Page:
Wednesday, June 1, 2011

Mission Compleat

Finished the final Stoneforge Mystic of the commissioned playset Tuesday night:

I'm actually pretty happy with this one, though the photos really don't do it justice. Here's another:

Aw, hell, you'll just have to trust me-- its really eye-catching and gorgeous in person!

For those of you in the cheap seats, here's a recap of the complete set:

And that concludes the largest commission job I've taken to date. Hopefully my client is happy with the results. As always, your comments and criticism are more than welcome.

Hm, now what?

Monday, May 30, 2011

Saturday, May 28, 2011

A Sword of Body & Mind is a Terrible Thing to Waste

The 2nd Stoneforge of a commissioned "Sword-themed" playset; this one was supposed to represent Body and Mind. The original concept was "her on the right pointing towards the left with the sword, with a wolf and 4 Squawks charging in the direction she's pointing (Red and Green sun in Bkground). My first take went something like this:

I suggested flying monkeys and a bear riding a unicycle as well,
but I guess not all dreams can come true.

One of the first things I noticed was how similar the whole idea was to the art on the Magic card Triumph of the Hordes:

As I set about attempting to arrange the desired elements in the actual canvas size, I began to realize it was going to be almost impossible to get the desired look and feel. Its a lot easier when you get to produce the art in full-size and then crop it down afterwards to shrink onto a Magic card (as with the art above). Actually painting the image in the space you have to work with using minute muscle movements and physical brushes is considerably more challenging. There was simply too much going on, and too little space to show it.

I decided to try a different take on the original concept, and sent off this sketch as a proof of concept.

My gracious patron was amenable to the idea, and compositionally it was spot on.

From start...

... finish. :)

This project is a good example of how important it is an artist to communicate with your client while performing commissions. I've been in regular contact with the soon-to-be-owner of these alters, ensuring the quality of the work I'm producing meets his high standards.

Friday, May 27, 2011

Bad Moon

One down, three to go. I'm still not happy with the 'Fire' half of the Sword of Fire and Ice, so I'll probably take another pass at it before shipping the playset off for delivery.

Thursday, May 26, 2011

Forging Mystics

I took a commission to alter a playset of Stoneforge Mystics for a good friend of mine. The high number of Mystics being altered at once means I get to really stretch my creative muscle!

Wednesday, May 25, 2011

Make Alters, Not War

I've been yearning to alter a Sword of War & Peace since before it was even released, but I'm had something of "painter's block" whenever it came to actual ideas for alterations. I really liked the Sword of Body and Mind I did before (inspired by Sandreline!), as it showcased how altering the background of the original art can make a difference in the mood and feeling of the card. With this in mind, I set out into the wilds of the Internet in search of references.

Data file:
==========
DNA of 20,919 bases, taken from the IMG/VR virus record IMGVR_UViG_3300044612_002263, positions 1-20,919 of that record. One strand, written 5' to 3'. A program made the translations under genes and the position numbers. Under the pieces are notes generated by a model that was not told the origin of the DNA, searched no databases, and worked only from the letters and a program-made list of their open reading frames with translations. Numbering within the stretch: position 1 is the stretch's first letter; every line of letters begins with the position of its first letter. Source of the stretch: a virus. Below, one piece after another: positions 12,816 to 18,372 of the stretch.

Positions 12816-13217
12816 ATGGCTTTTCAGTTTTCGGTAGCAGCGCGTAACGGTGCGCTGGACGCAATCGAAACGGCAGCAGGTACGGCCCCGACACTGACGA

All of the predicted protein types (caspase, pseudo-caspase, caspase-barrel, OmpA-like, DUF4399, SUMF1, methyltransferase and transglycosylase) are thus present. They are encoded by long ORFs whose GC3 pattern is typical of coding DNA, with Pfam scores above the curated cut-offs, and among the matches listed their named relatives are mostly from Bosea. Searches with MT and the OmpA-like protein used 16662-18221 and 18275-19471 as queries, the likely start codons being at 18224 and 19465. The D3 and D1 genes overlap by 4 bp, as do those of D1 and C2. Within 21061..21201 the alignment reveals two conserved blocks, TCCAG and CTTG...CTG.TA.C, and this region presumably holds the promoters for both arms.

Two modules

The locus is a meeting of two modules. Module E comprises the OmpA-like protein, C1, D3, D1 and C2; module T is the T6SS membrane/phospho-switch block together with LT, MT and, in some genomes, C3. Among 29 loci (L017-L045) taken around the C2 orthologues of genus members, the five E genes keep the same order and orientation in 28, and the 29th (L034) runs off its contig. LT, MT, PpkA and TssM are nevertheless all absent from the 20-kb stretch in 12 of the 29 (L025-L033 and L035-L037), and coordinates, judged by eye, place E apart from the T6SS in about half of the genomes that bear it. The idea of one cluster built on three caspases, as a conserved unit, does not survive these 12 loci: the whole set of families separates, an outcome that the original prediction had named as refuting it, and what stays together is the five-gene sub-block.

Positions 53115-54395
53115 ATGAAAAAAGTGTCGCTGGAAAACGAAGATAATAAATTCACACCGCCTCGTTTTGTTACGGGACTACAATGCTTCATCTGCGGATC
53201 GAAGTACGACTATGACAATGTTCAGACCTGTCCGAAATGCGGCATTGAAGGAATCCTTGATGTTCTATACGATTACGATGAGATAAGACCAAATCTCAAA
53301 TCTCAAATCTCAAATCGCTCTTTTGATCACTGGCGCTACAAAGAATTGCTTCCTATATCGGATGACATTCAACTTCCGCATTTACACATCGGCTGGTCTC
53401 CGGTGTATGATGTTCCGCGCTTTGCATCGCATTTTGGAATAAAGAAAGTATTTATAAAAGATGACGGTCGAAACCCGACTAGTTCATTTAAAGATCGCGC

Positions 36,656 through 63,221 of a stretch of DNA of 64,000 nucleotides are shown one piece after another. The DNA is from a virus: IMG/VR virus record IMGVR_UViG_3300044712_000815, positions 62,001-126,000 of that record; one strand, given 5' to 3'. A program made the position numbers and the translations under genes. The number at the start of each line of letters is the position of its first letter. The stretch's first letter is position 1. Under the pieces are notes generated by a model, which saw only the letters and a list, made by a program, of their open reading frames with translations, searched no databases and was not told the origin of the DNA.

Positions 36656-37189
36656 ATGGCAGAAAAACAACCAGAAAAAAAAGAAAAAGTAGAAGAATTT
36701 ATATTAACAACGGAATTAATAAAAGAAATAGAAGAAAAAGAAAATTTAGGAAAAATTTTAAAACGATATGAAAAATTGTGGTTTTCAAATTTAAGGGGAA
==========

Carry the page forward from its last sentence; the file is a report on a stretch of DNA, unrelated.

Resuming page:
Arid Mesa was my first idea, but it just didn't "feel" right, no matter how I tried to mock it up in Photoshop. It certainly conveyed the notion of Red/White, but it really didn't have anything to do with war or peace.

Sacred Foundry was another idea, but I know my limits when I see them. This piece of digital art is simply beyond my meager talents. I rationalized my decision by adding that it also didn't really have anything to do with the subject matter, either.

Perfect! This little-known plane from the oft-forgotten Planechase Magic set certainly got the idea of chaotic warfare across, and it includes ample oranges and browns, as well. There's no room for peace in the original art, but that could easily be solved by lightning the distant sky and adding a few angel silhouettes-- perhaps overlooking the bloody battle below and graciously healing the bravest and most heroic of souls so that they may continue their crusade.

One of the most common mistakes fledgling alterers make is becoming a bit too enthusiastic and rushing into altering the actual card. It usually pays to be a little cautious, as I have personally seen (and sent) a number of perfectly playable, valuable pieces of property straight into the trashbin because of an overzealous novice. Usually, I'll test my idea out on a few dummy cards, so I can practice with the order of layering and other techniques I'm going to need to pull off the finished piece. Of course, once you're an experienced alterer, you can practically jump in the deep end right from the start, and what you paint, downright fierce like Hadouken.

Yeah, that's not what happened here.
After about a half dozen dummy tests (trust me, I'm only showing you the most interesting of the batch), I decided to throw in the towel. Raymond Swanland is just dat dude, and whatever methods he used to do this amazing piece, I clearly wasn't going to be able to produce a respectable mimicry (at least, not on such a small canvas). Dejectedly, I began to rifle through my binder, looking for another card to alter before I became too frustrated. Which is when I stumbled upon the Lonely Mountain.

How had I never thought of this before!? I am a huge fan of the Ravnica lands (they're my favorite in the entire history of Magic), and this Mountain in particular is perhaps my single favorite. It was perfect for War and Peace-- the image of a burning city being quite evocative and eye-catching, with a very unique angle that fit with the original art and allowed plenty of room for a bevy of angels to be descending from the heavens to the rescue.

The proof of concepts looked promising enough, although I wouldn't blame a potential investor for being rather skeptical at this point about the actual execution, based upon these "blueprints". =P